Market in Depth

House price boom in Holland continues strong

Lalaine C. Delmendo | July 06, 2021

The house price boom in Holland continues strong, amidst rising demand, coupled with chronic supply shortages.

In Amsterdam, the capital, the price of existing homes rose by 5.3% during 2020 (4.2% inflation-adjusted), to an average of €510,919 (US$611,057), according to Statistics Netherlands (CBS). It was the highest price ever recorded and the seventh consecutive year of annual rises. Nationally, the average house price accelerated by 8.6% (7.4% inflation-adjusted) to €334,488 (US$400,046) in 2020 from a year earlier, following a y-o-y rise of 7.2% in 2019.

All property types rose in price, nationwide, during 2020.
  • Apartment prices rose by 8.2% (7% inflation-adjusted), to an average of €295,837 (US$353,820)
  • Terraced house prices rose by 8.2% (7% inflation-adjusted), to an average of €306,563 (US$366,648)
  • Detached house prices rose by 9.7% (8.5% inflation-adjusted), to an average of €488,251 (US$583,946)
  • Semi-detached house prices increased 8.6% (7.2% inflation-adjusted), to an average of €352,301 (US$421,350)
  • Corner houses saw price increases of 8.8% (7.6% inflation-adjusted), to an average of €321,147 (US$384,090)

After a housing boom lasting almost 15 years, the Dutch housing market weakened in 2008, and only began to recover in 2014. From Q1 2014 to Q4 2020, house prices rose by 52% nationwide, with Amsterdam registering spectacular price growth of almost 84%.

During 2020, the number of dwellings sold in the country rose by 7.7% to 235,511 units from a year earlier, following steady sales in 2019, according to CBS. In contrast, completions fell 3.1% from a year earlier, to 69,322 units. This worsens the housing shortage in the Netherlands, which was estimated at about 200,000 units last year.

“The pressure on the housing stock is being exacerbated by the fact that not enough additional new homes are being built to meet housing needs. The shortage of new build homes means that people are less inclined to put their house on the market and move to a new build home,” said Rabobank Economic Research.

The Dutch housing market is expected to continue to grow strongly this year, despite the pandemic. “We expect continuing supply shortages and the low interest rate environment to keep driving up house prices,” predicts Rabobank Economic Research. “For this year we forecast robust house price growth of +8.0 percent.”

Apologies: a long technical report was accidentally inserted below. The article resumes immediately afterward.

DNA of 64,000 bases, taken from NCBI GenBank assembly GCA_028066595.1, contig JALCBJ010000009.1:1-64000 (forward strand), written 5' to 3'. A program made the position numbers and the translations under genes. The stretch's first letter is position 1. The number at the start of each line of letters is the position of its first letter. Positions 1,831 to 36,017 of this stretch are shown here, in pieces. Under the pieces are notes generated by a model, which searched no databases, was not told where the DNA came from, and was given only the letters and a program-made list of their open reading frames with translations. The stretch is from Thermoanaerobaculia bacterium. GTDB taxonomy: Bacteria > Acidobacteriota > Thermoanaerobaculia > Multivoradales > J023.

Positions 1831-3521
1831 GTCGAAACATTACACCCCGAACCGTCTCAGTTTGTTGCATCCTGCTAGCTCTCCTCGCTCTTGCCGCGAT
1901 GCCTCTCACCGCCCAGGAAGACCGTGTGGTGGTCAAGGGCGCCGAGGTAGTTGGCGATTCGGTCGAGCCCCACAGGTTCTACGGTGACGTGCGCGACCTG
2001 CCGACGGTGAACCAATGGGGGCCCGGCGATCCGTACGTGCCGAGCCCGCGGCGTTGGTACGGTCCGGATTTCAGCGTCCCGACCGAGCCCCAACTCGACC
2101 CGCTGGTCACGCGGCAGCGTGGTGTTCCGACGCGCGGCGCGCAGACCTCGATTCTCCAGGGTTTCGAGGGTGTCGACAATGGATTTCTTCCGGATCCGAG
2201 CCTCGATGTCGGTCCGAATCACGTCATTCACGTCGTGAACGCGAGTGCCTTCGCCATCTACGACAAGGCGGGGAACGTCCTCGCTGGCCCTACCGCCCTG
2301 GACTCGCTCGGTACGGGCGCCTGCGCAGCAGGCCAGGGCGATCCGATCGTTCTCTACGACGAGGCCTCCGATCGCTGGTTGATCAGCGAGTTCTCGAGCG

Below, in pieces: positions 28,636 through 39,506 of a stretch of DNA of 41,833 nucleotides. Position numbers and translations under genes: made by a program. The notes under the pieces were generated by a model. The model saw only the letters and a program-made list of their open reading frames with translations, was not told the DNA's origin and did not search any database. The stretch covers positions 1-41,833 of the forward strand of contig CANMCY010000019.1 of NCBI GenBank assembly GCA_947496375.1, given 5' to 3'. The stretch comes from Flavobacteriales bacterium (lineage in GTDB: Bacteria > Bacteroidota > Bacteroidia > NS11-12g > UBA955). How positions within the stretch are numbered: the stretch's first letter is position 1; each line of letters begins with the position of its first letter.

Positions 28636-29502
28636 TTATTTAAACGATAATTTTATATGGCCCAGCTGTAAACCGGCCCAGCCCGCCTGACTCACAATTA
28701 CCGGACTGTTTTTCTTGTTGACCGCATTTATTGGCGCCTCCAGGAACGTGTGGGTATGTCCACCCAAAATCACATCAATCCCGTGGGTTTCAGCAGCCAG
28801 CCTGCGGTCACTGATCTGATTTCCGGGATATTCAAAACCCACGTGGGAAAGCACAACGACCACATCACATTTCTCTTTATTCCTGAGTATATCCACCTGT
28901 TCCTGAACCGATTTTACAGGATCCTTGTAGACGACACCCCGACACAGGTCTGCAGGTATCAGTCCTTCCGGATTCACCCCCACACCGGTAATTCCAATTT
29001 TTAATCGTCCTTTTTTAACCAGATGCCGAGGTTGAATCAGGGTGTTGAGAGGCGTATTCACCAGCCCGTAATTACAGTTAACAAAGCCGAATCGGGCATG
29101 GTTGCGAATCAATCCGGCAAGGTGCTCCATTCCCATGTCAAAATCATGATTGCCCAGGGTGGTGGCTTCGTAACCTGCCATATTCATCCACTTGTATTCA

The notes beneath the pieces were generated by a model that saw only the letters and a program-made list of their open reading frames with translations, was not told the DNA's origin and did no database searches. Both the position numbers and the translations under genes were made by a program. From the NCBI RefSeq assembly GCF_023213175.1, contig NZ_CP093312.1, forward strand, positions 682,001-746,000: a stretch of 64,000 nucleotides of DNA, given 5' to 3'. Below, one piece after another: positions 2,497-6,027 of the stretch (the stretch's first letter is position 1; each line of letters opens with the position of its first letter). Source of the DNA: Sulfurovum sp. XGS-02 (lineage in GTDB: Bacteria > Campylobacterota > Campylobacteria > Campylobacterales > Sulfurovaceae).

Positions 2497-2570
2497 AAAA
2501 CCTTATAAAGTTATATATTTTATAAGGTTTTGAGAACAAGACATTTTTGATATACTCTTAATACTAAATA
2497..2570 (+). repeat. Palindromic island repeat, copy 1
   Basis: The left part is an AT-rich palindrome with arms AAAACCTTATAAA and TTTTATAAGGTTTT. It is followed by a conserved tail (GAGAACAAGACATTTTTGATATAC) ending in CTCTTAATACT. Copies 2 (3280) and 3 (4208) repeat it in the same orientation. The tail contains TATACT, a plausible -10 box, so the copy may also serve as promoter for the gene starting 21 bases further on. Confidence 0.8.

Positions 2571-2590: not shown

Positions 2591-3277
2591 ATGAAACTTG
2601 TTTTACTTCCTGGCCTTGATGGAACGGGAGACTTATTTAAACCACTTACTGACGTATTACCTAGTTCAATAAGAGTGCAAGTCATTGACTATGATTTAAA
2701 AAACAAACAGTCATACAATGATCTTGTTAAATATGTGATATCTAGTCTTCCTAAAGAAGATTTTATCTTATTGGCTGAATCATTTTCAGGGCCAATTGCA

Netherlands house price chart
Yet the wider economy has been adversely impacted by the pandemic, with GDP contracting by 3.8% in 2020, in contrast to a 1.7% growth in 2019, mainly due to a decline in household consumption, investments and trade balance, according to CBS. It is slightly worse than the 3.7% contraction in 2009 and the biggest decline ever recorded by the CBS.

The economy is projected to grow by 1.8% this year and another 3% in 2022, according to the European Commission. The Dutch economy grew by an annual average of just 1.4% from 2010 to 2019.


Analysis of Netherlands Residential Property Market »

Rental Yields

Rental yields remain attractive in The Hague

Gross rental yields from apartments in the Netherlands continue to be attractive. The returns on investment are not princely - but they beat those in many other countries, especially given the excellent security of the Netherlands, its stability, rule of law, generally vibrant economy, and good long-term prospects.

In Amsterdam, yields on apartments range from 3.7% to 5.3%. As usual, smaller apartments return higher yields than larger.

In The Hague, yields range from 5.6% to 6.4%.

The Hague is a less expensive city to buy in, and really merits consideration by investors. First, it is the seat of government, so most foreign embassies in the Netherlands and 150 international organisations are located in The Hague, including the International Court of Justice and the International Criminal Court. Several large international businesses have their headquarters in The Hague, including Shell, the world's second largest company in terms of revenue. This means that there is an ideal group of expatriate tenants to whom owners can rent their apartments, as 26% of the jobs in The Hague are either offered by the Dutch government or by international institutions. In addition, for those interested in the short-term rental market, tourism is important, with 1.2 million tourists a year.